• Their faith.  Emotional abusers will often try to make a mockery out of their vitims faith.  A personal belief is just that…personal.
  • Their education. There is absolutely no educational level required for a healthy relationship to exist, and yet, some abusive partners will accuse and emotionally abuse their partner’s for not having, in the eyes of the abuser, adequate education.
  • Their family tree. An abusive partner is not responsible for his or her family of origin.

The mistakes that many emotional abuse victims actually do make (and we all make mistakes) have little to nothing to do with the alleged transgressions for which their partners verbally attack them.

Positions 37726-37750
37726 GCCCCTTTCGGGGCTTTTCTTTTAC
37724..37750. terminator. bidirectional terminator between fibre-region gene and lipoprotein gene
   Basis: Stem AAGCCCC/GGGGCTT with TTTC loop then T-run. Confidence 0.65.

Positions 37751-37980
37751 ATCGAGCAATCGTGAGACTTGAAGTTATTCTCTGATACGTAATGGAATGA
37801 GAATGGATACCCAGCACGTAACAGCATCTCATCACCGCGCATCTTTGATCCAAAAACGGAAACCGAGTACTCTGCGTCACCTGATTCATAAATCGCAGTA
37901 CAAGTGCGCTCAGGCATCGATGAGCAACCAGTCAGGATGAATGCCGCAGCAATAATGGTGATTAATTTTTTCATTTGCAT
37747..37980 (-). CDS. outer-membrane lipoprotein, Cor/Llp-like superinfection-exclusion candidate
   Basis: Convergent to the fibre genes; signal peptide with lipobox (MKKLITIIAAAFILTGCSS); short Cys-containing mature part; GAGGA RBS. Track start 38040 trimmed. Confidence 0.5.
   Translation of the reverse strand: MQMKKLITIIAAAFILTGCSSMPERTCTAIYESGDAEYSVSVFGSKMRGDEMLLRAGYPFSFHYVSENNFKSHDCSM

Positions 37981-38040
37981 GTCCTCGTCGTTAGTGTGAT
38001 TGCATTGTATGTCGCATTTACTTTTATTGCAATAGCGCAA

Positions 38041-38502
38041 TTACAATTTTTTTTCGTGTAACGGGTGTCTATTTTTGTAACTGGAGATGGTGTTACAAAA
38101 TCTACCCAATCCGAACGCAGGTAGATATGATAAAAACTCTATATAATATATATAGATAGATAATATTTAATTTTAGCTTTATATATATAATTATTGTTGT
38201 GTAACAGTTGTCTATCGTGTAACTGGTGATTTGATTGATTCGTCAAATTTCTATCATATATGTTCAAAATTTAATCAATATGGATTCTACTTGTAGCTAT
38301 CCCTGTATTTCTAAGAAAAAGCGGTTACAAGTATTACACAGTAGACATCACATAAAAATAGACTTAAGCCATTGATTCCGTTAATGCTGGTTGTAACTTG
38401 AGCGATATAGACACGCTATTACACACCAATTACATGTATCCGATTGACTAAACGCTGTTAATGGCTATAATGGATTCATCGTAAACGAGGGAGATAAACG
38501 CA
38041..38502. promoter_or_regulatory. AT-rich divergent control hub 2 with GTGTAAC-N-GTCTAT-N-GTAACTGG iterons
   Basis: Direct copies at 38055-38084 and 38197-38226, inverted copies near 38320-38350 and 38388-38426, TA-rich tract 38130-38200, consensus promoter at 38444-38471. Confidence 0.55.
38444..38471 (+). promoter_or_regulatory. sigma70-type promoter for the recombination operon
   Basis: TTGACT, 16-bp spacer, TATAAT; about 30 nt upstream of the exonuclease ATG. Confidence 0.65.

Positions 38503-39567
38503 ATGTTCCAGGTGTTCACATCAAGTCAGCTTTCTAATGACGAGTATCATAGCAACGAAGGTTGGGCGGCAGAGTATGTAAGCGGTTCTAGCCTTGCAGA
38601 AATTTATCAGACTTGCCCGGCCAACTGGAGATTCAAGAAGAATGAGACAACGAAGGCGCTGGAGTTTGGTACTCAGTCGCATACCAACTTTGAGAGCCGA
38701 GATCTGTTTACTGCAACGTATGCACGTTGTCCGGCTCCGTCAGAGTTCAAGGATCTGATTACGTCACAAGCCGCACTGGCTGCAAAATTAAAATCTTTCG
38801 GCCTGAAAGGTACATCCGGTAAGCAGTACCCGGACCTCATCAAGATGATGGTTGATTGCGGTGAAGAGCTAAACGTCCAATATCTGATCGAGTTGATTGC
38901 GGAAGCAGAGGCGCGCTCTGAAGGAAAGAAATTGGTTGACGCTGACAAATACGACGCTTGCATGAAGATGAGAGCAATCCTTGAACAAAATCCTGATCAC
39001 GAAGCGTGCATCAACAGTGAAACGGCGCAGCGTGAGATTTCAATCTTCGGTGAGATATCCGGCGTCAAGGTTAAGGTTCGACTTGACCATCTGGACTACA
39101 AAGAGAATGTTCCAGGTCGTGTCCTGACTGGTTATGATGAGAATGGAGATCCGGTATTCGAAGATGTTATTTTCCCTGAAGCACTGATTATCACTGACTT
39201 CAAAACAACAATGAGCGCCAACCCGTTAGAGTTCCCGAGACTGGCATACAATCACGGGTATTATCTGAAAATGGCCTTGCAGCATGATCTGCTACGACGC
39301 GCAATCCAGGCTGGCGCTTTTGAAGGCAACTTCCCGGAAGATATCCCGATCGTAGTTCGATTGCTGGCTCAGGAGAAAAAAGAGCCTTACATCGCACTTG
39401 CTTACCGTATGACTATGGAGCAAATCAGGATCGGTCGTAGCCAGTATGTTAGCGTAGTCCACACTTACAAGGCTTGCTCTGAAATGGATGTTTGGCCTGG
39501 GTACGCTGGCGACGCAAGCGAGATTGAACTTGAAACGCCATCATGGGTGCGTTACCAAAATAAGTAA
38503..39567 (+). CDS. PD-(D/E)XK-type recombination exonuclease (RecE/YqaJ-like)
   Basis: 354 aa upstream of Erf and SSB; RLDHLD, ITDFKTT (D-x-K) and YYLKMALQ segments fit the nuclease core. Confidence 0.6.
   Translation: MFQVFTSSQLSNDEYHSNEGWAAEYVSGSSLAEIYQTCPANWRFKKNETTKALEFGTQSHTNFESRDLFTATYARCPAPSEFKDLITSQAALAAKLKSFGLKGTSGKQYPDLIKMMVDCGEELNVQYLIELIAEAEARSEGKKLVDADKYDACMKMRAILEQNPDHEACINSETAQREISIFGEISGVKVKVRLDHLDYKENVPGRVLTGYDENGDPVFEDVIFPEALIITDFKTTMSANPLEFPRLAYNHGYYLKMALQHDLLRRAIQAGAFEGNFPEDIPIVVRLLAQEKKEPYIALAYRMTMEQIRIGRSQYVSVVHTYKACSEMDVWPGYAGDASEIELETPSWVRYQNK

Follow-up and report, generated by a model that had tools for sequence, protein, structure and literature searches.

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7 Most Common Mistakes Made By Emotional Abuse Victims

1) Ignoring Early Relational Red Flags – Such as turning a blind eye to his or her pattern of over-reactive temper tantrums. The emotional abuse victim’s silence on this issue is often seen as acceptance by the abuser, and the victim is weak.

2) The Emotionally Abused Party Will Believe They Are Doing Something Wrong And Try Over And Over Again To Fix It – Repeatedly seeking counselling in an attempt to make a marriage work when the other party doesn’t participate in the counselling is one way an emotionally abused partner will try to make an abusive relationship work. When an abuser, through their relational pattern demonstrates they are no longer trying to build the relationship then the relationship is over and there’s nothing left to hold onto.